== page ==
Code: [Select]
*(myarray + i) which will evaluate to the value in memory at myarray + i*sizeof(char).

As for the rest, you're right, I should have known that functions pass by value. So I switched it to:
Code: [Select]
void UComms::init_arg_store(char*** arg_store, int max_message_size, int max_param_size) {
 *arg_store = (char**) malloc(max_message_size * sizeof(char*));
 
 for(int i=0; i<max_message_size; i++) {
   (*arg_store)[i] = (char*) malloc((max_param_size+1) * sizeof(char*));
 }
}


Called by:
Code: [Select]
computer_connection.init(&COMPUTER, COMPUTER_BAUDRATE);
computer_connection.init_arg_store(&arg_store, MAX_MESSAGE_SIZE, MAX_PARAM_SIZE);

And now it works!  :) Thank you both

Nick Gammon

Quote
Code: [Select]
char*** arg_store


Three asterisks, huh? You don't see that very often.

You could have passed it by reference:

Code: [Select]
void UComms::init_arg_store(char** & arg_store, int max_message_size, int max_param_size) {
  arg_store = (char**) malloc(max_message_size * sizeof(char*));
 
  for(int i=0; i<max_message_size; i++) { // edited from max_param_size
    arg_store[i] = (char*) malloc((max_param_size+1) * sizeof(char*));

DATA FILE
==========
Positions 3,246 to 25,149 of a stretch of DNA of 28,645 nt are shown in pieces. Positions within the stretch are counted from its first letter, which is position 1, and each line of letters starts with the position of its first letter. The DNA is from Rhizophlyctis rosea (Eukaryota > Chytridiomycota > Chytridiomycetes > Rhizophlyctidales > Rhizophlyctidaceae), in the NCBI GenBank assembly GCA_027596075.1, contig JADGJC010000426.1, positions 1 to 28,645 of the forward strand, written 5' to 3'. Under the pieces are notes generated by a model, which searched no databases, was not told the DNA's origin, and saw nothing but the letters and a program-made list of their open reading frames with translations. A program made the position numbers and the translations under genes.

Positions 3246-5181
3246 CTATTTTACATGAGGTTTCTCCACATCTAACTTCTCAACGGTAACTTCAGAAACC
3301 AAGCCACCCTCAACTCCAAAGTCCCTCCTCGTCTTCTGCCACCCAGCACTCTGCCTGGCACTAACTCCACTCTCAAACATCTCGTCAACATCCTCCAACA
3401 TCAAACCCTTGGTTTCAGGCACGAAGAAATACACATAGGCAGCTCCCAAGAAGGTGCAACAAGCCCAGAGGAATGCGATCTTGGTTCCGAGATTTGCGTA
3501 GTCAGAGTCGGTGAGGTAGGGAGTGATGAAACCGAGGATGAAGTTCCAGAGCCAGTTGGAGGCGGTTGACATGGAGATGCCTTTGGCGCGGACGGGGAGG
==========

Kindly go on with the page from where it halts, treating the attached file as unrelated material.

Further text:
}
}


I hope those numbers are small, after all you only have 2048 bytes of RAM, so allocating:

Code: [Select]
(max_message_size * 2) + (max_message_size * max_param_size)

... is going to gobble it up pretty fast.

I don't have a problem with dynamic memory allocation per se, but just remember you don't have a lot of it. And fragmentation could be an issue.
Please post technical questions on the forum, not by personal message. Thanks!

More info:
http://www.gammon.com.au/electronics

johnmchilton

Those numbers are indeed very small. They are each 10 at the moment, which is already exorbitantly large for the messages defined in my protocol so far. I don't imagine they need to be more than 4 and 6, respectively.

Yes I could pass by reference, but I didn't know that trick ;) thank you. I learned C from a very hardware-oriented textbook, so I didn't get all the language candy that I would have with K&R (though that's on my bookshelf...).

And finally, I am using an Arduino Mega :) so I am playing fast and loose with my 8KB of memory. I thought about using a sequential array instead of a multi-level array, but I can almost envision the machine code that the compiler generates, and I think that it will put all these blocks close to each other anyway.

Thanks for the pass-by-reference tip!

Aeturnalus

In C/C++, multidimensional arrays are sequential arrays:

int arr[2][2] = {{1,2},{3,4}} is stored as {1,2,3,4}.

johnmchilton

That is true, if you use that syntax. But I decided that I didn't care for a multidimensional array. I wanted a multi-level array, which is different. It is an array of pointers to arrays, which are not necessarily contiguous in memory. Although in this case they probably are because the malloc calls are done one after the other, that is generally not the case, and need not be with a multi-level array.